It seemed that every other house had a generator, and there were plenty of chainsaws to go around after last week's double derecho, the twin storm systems characterized by powerful straightline winds that hit here just after 10 p.m. on Monday, June 30.
The highly-prized vegetation of this rural community was its downfall, as tree limbs and branches hung up in the grid took out power. The debris had to be removed before power was restored. That happened for downtown Wilmington on Tuesday, about 14 hours after the power went out, but ComEd's restore estimates just kept getting moved later and later for the rest of the community.
Late on the second day of darkness, Wednesday, Mayor Marty Orr visited ComEd's Joint Operations Command (JOC) at the Will County Emergency Management Agency in Joliet seeking additional assistance; more tree crews, and more electrical crews.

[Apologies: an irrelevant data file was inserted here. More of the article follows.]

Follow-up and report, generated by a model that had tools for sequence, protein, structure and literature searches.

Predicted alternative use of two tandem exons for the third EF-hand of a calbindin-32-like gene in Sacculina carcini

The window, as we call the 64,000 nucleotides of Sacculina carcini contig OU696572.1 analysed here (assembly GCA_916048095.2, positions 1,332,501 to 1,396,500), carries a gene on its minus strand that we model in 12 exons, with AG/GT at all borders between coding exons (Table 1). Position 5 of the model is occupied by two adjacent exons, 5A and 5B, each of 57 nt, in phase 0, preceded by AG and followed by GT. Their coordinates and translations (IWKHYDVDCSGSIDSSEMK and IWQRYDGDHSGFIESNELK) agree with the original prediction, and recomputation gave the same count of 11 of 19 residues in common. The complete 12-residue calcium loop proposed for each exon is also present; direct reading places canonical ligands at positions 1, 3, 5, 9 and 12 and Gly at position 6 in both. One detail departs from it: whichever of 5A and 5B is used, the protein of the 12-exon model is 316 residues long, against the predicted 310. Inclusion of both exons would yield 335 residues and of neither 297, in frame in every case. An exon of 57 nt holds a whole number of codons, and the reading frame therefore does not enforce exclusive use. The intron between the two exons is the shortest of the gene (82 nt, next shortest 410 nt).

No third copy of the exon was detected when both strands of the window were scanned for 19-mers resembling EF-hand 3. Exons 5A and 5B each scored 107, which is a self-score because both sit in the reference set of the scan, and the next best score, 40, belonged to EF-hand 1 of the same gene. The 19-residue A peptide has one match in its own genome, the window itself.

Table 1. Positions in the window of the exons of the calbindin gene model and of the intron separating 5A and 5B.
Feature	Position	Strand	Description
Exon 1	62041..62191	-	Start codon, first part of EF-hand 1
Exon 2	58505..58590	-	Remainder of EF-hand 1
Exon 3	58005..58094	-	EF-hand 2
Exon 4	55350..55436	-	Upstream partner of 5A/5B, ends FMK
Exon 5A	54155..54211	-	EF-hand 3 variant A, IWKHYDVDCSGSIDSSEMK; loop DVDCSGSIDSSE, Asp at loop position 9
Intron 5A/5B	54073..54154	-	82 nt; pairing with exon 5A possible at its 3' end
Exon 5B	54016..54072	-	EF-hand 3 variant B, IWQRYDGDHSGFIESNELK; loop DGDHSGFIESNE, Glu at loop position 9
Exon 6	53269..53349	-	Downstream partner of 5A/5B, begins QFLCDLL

Every municipality has a point person to which they communicate their initial assessment of loss of power. Orr said in this instance, the assessment was easy, the whole town was impacted, and most importantly, the water and sewer systems, fire and emergency services were all running on generator power.
However, ComEd tried to improve its system of communication by developing a JOC. For this small town, that action created a disconnect in communication. Orr said the information coming to the city from its ComEd external affairs manager was "not what was happening here on the ground." So the mayor went to the JOC.
"It was a widespread disaster, a lot of communities were impacted, but that doesn't make Wilmington any less important in any case," he said.
Orr's visit to the JOC produced results. Read the rest of the story in the Wednesday, July 9, 2014 print and online editions of The Free Press Advocate.